DOI: 10.1177/00469580231218625 ISSN: 0046-9580

CComprehensive Pharmacist-led Transitions-of-care Medication Management around Hospital Discharge Adds Modest Cost Relative to Usual Care: Time-and-Motion Cost Analysis

Teryl K. Nuckols, Carl T. Berdahl, Andrew J. Henreid, Jeffrey L. Schnipper, Asad Rauf, EunJi M. Ko, An T. Nguyen, Zoe Co, John Fanikos, Ji-Hyun Kim, Donna W. Leang, Lina Matta, Kathleen Mulligan, Avik Ray, Rita Shane, Kirollos Wassef, Joshua M. Pevnick
  • Health Policy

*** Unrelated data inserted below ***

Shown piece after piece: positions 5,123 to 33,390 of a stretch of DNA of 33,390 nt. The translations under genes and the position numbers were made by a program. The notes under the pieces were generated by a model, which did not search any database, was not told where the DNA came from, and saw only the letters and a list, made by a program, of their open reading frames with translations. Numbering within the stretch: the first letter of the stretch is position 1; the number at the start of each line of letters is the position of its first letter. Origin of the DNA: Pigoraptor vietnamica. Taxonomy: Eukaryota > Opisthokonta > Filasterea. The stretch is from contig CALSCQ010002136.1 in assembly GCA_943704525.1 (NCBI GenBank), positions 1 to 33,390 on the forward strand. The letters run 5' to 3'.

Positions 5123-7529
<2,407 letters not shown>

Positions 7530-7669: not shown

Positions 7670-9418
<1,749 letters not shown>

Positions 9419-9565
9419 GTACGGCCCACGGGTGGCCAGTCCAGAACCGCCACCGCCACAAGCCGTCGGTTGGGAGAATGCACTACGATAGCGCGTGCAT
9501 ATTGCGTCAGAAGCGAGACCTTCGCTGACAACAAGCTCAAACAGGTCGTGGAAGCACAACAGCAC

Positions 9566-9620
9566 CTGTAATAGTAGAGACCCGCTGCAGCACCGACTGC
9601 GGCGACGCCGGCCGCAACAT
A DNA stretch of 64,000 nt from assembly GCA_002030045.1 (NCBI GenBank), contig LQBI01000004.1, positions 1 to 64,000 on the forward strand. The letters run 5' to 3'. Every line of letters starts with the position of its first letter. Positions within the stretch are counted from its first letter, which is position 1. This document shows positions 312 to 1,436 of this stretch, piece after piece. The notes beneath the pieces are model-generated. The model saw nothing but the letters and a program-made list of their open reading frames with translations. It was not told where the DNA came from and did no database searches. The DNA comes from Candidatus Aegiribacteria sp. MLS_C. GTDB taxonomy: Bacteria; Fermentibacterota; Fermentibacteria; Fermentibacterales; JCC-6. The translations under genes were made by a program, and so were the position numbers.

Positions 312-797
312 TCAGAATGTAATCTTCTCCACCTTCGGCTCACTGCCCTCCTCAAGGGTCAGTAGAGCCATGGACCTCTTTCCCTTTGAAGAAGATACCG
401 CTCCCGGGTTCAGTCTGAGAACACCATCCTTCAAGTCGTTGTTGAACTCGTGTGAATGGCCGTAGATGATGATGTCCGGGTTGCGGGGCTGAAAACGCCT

Optimal medication management is important during hospitalization and at discharge because post-discharge adverse drug events (ADEs) are common, often preventable, and contribute to patient harms, healthcare utilization, and costs. Conduct a cost analysis of a comprehensive pharmacist-led transitions-of-care medication management intervention for older adults during and after hospital discharge. Twelve intervention components addressed medication reconciliation, medication review, and medication adherence. Trained, experienced pharmacists delivered the intervention to older adults with chronic comorbidities at 2 large U.S. academic centers. To quantify and categorize time spent on the intervention, we conducted a time-and-motion analysis of study pharmacists over 36 sequential workdays (14 519 min) involving 117 patients. For 40 patients’ hospitalizations, we observed all intervention activities. We used the median minutes spent and pharmacist wages nationally to calculate cost per hospitalization (2020 U.S. dollars) from the hospital perspective, relative to usual care. Pharmacists spent a median of 66.9 min per hospitalization (interquartile range 46.1-90.1), equating to $101 ($86 to $116 in sensitivity analyses). In unadjusted analyses, study site was associated with time spent (medians 111 and 51.8 min) while patient primary language, discharge disposition, number of outpatient medications, and patient age were not. In this cost analysis, comprehensive medication management around discharge cost about $101 per hospitalization, with variation across sites. This cost is at least an order of magnitude less than published costs associated with ADEs, hospital readmissions, or other interventions designed to reduce readmissions. Work is ongoing to assess the current intervention’s effectiveness.

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